when you do studies from photos you should post the photo too!
my opinion: For your sketchbook, when you upload images I would re-size them to around 700 pixels(height). It's easier to view, loads fast, and you can't properly view an image if it's in your face. My eyes are about 3 feet from my computer screen and I don't really like to look at images much taller than 700 pixels. When i'm painting i'll go bigger sometimes but every few minutes I zoom out until the image is about 3 inches tall on my screen, otherwise i can't properly asses my image.
Last edited by KyTran; October 8th, 2013 at 01:23 PM.
Ah, I see. Ok, I will try that out tomorrow =] I'm sorry about the pictures being too big; I do see what you mean though. I've been linking the pictures from my imgur account, so I'm not sure how to resize them. I'll ask my boyfriend tomorrow and I'll hold off on posting the ones I drew today until tomorrow. Thanks for coming back and giving me some more advice, KyTran =]
You can re-size and then upload images straight onto CA without having to go through another site. Not sure but it might also work if you re-sized the image before you uploaded to imgur.
Kytran: I'm not sure why but everytime I try to attach the images directly to conceptart it doesn't work, but I found out how to resize them; I felt really dumb because it was right there under where you upload them. Let me know how if I should still make them smaller =]
I didn't get much work done because I wasn't feeling too great and I slept most of the day. But I'm better now and I'm going to right back on tomorrow =]
I finally finished that leg though I still don't feel it looks quite right.
these are just some random doodles I did
I really felt that leg needed work, so I started doing some studies of them from one my Andrew Loomis books. The first image is the original copy
and this is what I've got so far:
Since I had so much trouble with that leg, I thought I'd do some leg studies from the Andrew Loomis book =]
I saw in another person's sketchbook that they are trying to work their way to 10,000 hours. I think that's a great idea! I think I'd like to keep track of that also, starting today. I'm going to give a conservative guess on how much time I've spent so far and say about 8 hours. I'm hoping to put more time aside for drawing and try to hit 40 hours a week. Anyways, today I started drawing a picture of my cat, Thane. =]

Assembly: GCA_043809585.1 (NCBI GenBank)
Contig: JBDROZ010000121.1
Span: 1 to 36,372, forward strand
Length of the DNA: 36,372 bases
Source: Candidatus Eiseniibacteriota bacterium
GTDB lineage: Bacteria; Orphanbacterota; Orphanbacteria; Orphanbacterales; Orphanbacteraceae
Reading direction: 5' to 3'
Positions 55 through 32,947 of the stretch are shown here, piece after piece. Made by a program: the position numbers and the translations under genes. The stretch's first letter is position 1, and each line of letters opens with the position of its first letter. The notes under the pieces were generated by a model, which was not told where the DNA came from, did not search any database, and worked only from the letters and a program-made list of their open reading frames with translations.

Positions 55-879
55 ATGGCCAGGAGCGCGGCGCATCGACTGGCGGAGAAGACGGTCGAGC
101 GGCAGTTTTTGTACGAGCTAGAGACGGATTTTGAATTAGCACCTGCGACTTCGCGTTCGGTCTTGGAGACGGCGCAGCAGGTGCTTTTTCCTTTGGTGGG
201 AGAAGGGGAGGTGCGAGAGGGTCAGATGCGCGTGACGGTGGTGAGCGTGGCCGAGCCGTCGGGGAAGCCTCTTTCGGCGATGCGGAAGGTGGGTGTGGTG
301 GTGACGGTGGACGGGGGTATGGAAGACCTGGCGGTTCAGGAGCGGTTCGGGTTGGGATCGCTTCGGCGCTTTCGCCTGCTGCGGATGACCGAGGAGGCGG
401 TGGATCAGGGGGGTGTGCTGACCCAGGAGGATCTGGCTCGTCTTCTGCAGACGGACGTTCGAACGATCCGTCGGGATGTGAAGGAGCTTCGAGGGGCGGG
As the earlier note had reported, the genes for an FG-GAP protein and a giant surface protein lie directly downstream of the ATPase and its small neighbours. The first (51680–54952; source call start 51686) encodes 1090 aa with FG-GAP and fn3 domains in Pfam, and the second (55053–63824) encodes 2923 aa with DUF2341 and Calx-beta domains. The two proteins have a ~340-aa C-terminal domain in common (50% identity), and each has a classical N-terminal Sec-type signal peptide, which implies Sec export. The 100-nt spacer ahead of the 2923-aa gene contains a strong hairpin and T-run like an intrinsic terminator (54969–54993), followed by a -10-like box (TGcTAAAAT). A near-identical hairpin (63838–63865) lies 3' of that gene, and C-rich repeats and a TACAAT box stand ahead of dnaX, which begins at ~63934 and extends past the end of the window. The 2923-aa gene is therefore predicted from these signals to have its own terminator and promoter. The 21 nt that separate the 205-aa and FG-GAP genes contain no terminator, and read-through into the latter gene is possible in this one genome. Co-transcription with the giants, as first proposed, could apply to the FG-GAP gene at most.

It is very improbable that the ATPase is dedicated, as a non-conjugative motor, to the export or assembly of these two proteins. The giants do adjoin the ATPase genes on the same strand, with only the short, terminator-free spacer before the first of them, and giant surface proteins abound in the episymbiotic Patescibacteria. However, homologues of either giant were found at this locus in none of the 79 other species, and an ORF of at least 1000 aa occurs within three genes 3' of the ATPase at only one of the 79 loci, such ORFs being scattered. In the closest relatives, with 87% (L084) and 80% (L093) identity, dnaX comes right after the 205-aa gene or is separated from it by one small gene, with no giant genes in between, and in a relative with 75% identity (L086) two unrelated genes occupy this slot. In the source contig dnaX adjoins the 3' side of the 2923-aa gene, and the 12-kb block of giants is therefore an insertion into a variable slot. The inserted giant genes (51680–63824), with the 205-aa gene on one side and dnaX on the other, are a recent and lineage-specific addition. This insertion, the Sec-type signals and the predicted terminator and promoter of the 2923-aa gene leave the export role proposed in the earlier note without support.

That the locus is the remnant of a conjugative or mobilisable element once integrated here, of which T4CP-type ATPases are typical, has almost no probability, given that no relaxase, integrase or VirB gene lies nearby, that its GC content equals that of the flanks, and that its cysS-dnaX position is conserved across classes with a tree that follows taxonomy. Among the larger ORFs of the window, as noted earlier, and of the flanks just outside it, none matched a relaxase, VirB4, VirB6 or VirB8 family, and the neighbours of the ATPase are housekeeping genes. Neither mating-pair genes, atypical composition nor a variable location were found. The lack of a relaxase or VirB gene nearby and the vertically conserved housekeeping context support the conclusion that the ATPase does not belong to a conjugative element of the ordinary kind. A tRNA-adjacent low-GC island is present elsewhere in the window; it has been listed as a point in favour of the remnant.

nice, pay attention to your overall values. A common mistake is to only pay attention to local values. For example, you know what parts of the leg is darker than other parts of the leg but you need to make value comparisons between the leg and the rest of the entire image too. If you don't unify the overall value your image will look flat. It's also good practice to draw some of the background in sketches like this so you can put your subject in a space. I found it helped me learn a level of perspective that goes beyond basic vanishing points. Keep at it!
ps: if you'd like me to elaborate on the thing about values, just ask ^^
Alright, thanks, KyTran. Do you think the values in the cat look ok? I understand what you're talking about, but if you have any more information, I'd love to hear it. I appreciate your help.
Here's an update on the picture of Thane:
And here are studies I've been doing the past couple of days
Last edited by NoKtPapilio; October 29th, 2013 at 12:42 PM.
I'm not sure why some of them uploaded so huge =/ Sorry guys. I'll try to fix it tomorrow.
Color and value can be very deceiving, I would suggest opening your drawing in photoshop or gimp and using the color picker to sample the image colors in different areas. Then do the same with the picture and compare. It helps you get an objective look at how dark the color really is, you'll be surprised. As someone in the earlier learning stages you need an objective way to look at color and value otherwise it will take a lot longer to click. I understand that with pencil it's hard to get a full 1-10 value range because you can only get about 1-7 with graphite but consider that the eye of the cat is by far the brightest part of it, thus your drawing should reflect that. There other parts where the values is off too. Don't focus on the texture and making it look like a cat just focus on the value and shape first.